Patients will now have the opportunity to pose questions such as, “Why do prices paid for a knee MRI vary from $297 to $1,261 for the same procedure at different facilities?” As employers increasingly shift patients to consumer directed health plans this information shifts from being a mere curiosity to a pocketbook issue that a patient can act on. No doubt providers, employers and health plans will hurry to make a thorough examination of the reports –kind of like what happens when you pick up a rock from the ground and hundreds of bugs are exposed to the light and start scurrying around, trying to reorient themselves.
Skeptical readers (I know you’re out there!) may be thinking, ho hum, another state-based APCD launching years after the first ones arose. But the purple (i.e., red/blue) state of Colorado has taken a unique and more valuable path. The Colorado legislature mandated payers to submit data, but the effort is privately operated (by CIVHC) and financed by private health care conversion foundations rather than the government.
Independent financing and governance make a significant difference. Initial reports are being made public soon after the data is submitted, unlike in other states that don’t make the data public at all or do so under major constraints or time lags.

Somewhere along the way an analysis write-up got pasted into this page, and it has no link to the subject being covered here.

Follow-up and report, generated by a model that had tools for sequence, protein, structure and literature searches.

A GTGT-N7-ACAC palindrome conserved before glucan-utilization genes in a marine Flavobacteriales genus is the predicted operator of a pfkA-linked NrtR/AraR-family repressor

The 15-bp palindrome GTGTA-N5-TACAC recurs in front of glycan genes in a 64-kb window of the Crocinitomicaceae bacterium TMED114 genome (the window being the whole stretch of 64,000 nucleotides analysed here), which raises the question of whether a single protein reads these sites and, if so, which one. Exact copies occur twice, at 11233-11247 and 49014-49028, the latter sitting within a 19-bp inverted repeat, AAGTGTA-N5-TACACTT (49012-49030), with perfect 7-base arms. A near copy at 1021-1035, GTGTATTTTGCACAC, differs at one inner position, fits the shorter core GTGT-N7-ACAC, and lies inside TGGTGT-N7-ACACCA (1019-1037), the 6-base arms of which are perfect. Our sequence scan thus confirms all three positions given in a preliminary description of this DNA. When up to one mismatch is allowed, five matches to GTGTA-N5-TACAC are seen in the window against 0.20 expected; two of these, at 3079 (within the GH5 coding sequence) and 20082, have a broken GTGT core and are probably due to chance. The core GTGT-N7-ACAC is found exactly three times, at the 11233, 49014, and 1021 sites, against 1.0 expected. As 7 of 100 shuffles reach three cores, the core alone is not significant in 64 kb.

Colorado’s APCD has data on about 40 percent of the population. That will increase to nearly everyone over the next couple of years. The first reports are fairly straightforward and will answer basic questions. Over time, expect CIVHC and users to develop more sophisticated and nuanced approaches to the use of this information.
Policymakers in other states should keep a close eye on the Colorado APCD and would do well to consult with CIVHC to understand what lessons can be applied to efforts elsewhere.
A launch event will take place this morning. Assuming you can’t make it to Denver that quickly, you can follow along on Twitter, hashtag #coapcd.